Review: ★★★ Inside Pussy Riot – Saatchi Gallery

Review: ★★★ Inside Pussy Riot – Saatchi Gallery

On my way out of the immersive Inside Pussy Riot experience, emerging blinking from a simulated Russian labour camp into the entirely antithetical Christmas lights of wealthy Sloane Square, I pick up a helpful leaflet. ‘What can I do against this totalitarian machine?” it invites me to ask. A good question – if not one that I’m sure Pussy Riot helped me to answer. But at least now I know what I’m fighting against.

Inside Pussy Riot is brilliant fun, of course – by the producers of Olivier Nominated Alice’s Adventures Underground how could it not be? On arrival the audience are sat in a waiting room and handed political placards and brightly coloured balaclavas, the better to “transform personality into protest power”. We wander nervously into the first scene, a riotous and cleverly designed parody of a cathedral, featuring Putin, Trump and May in the stained glass windows – and are arrested, as Pussy Riot were, on charges of hooliganism.

That’s where the fun really begins. We are shepherded through various parts of the Russian justice system by a succession of prison guards in pink trousers, and subjected to all manner of bizarre instructions. We stand in the dock of a cavernous puppet court, where we are sentenced by a jerking puppet judge to “21 minutes” of hard labour. We perform Soviet exercises. We are told to stand, sit, sew with a broken sewing machine, copy out the national anthem.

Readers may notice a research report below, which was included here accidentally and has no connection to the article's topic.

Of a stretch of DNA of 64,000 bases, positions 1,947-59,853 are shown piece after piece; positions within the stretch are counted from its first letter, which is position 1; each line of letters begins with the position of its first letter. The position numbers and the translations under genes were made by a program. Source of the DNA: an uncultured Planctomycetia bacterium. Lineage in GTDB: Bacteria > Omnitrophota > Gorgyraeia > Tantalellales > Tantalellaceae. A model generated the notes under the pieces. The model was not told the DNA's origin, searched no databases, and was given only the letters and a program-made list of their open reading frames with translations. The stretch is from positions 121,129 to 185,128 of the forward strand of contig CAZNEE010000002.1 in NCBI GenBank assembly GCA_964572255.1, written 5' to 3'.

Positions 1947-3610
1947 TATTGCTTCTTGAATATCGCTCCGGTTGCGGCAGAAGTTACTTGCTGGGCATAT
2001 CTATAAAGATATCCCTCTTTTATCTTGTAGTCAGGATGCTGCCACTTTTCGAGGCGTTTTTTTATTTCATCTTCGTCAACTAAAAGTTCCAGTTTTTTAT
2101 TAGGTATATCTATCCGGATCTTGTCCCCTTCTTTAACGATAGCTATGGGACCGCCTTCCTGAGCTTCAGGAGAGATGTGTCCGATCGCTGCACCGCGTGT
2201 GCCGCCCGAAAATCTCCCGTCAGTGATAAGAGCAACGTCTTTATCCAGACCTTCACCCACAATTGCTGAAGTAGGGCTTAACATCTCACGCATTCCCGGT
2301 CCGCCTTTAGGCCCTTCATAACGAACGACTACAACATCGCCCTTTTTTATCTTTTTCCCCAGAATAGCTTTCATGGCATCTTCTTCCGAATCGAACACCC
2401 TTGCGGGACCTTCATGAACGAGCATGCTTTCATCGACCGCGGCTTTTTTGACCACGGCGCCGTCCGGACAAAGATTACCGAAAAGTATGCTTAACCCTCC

Within the complex, wonderfully designed maze of bureaucracy (designed by Zoe Koperski), there are moments of deep, thought-provoking truth. For me, a highlight has to be the moment the absurdity is stripped back and in a pitch black claustrophobic cell, the voice of Pussy Riot punk Nadya Tolokonnikova resonates through headphones. It is a call to arms within an intimate moment; no distractions, just reality – which in that moment is terrifying. But other voices are lost. During our time in the labour camp, we are read the horrifying stories of actual prisoners, but have to fight to hear them over the barked orders of the guards.

This is a problem that pervades Inside Pussy Riot. The tension between the desire to entertain and the desire to inspire genuine political action. For example, we are invited to examine our own complicity. “You have just spent an hour doing what you are told by actors,” a stern prison guard reminds us. Well, yes – but that’s how immersive theatre works. I like to think that if a dramatic, flouncing Russian appeared before me in real life and demanded I count pennies for some unknown purpose, I would probably put up more of a fight.

I think possibly the problem is that I enjoyed it. I had fun being barked at by prison guards and watching the puppet Putin in the puppet court, and donning a green balaclava. I had fun and I never felt any sense of danger, or threat. Inside Pussy Riot has done a brilliant job of creating an entertaining experience, but for me it comes at the expense of any meaningful inspiration to political action. We hold placards up and shout affirmations at the camera but it feels contrived, rather than a genuine condemnation of Putin, racism, totalitarianism and everything wrong with the world. And then we’re out. Outside Pussy Riot, as it were, in the Saatchi Gallery in one of London’s wealthiest boroughs, where “this totalitarian machine” feels rather far away.


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